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Was ‘Moskva’ Carrying Piece Of The True Cross? – OpEd

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A Western news agency is now reporting that a February 2020 TASS story said that commanders of the Black Sea Fleet planned to put what if true would be one of Christendom’s holiest relics, a piece of the true cross, on board the Moskva, the Russian warship that Ukrainian forces have just sunk in the Black Sea.

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(For the original 2020 TASS report, see tass.com/society/1123855; for the revival of the story after the Moskva was sunk in current reporting, see businessinsider.com/sunk-russia-warship-may-have-carried-holy-relic-on-board-2022-4.)

Russian officials have neither confirmed nor denied this report, and it thus remains an open question whether they may have been directly or indirectly behind its appearance and whether they hoped earlier that the relic would protect the ship or now that its destruction might be used to whip up support for Moscow against Ukraine in Russia and the West?

But regardless of the answers to those questions, it raises an even more fundamental one: What did the Russian government of Vladimir Putin and Russian Church of Patriarch Kirill think they were achieving by putting such a relic on a warship rather than in a shrine to which the faithful could make pilgrimages?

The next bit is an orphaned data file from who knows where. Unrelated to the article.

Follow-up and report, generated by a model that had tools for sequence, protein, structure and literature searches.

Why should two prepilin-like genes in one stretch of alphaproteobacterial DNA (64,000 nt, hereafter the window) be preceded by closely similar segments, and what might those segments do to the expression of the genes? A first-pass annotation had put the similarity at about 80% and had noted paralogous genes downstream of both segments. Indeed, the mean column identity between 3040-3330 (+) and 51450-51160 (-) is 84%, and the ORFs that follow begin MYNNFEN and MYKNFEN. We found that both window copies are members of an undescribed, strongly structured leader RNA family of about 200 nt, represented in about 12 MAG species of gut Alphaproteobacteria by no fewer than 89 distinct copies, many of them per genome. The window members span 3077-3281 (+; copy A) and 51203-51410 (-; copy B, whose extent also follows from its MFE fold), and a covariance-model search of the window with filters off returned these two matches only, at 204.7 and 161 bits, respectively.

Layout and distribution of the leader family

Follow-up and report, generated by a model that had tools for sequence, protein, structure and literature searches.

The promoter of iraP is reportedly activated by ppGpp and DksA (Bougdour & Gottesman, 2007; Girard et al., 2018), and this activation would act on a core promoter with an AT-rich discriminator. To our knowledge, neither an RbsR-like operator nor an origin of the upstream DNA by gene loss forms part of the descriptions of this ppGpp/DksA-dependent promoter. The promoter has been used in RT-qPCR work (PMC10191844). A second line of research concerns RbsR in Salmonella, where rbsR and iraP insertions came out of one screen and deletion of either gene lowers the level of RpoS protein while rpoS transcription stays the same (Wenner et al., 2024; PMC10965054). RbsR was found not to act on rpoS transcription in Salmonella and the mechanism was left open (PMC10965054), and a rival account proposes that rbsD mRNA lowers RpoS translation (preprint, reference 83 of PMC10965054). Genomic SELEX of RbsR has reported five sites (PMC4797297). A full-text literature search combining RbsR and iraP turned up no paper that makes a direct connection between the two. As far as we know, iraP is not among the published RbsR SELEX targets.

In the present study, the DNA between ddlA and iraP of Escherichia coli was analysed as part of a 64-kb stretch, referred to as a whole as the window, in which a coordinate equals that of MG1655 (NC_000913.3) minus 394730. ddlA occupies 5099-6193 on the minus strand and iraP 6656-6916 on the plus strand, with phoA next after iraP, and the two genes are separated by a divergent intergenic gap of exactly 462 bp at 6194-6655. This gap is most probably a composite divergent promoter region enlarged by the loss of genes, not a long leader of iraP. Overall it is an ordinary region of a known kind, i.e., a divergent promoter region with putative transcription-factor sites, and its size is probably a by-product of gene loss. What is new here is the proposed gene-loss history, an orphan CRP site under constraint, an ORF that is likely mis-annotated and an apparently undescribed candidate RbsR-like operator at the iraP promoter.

Paul Goble

Paul Goble is a longtime specialist on ethnic and religious questions in Eurasia. Most recently, he was director of research and publications at the Azerbaijan Diplomatic Academy. Earlier, he served as vice dean for the social sciences and humanities at Audentes University in Tallinn and a senior research associate at the EuroCollege of the University of Tartu in Estonia. He has served in various capacities in the U.S. State Department, the Central Intelligence Agency and the International Broadcasting Bureau as well as at the Voice of America and Radio Free Europe/Radio Liberty and at the Carnegie Endowment for International Peace. Mr. Goble maintains the Window on Eurasia blog and can be contacted directly at [email protected] .

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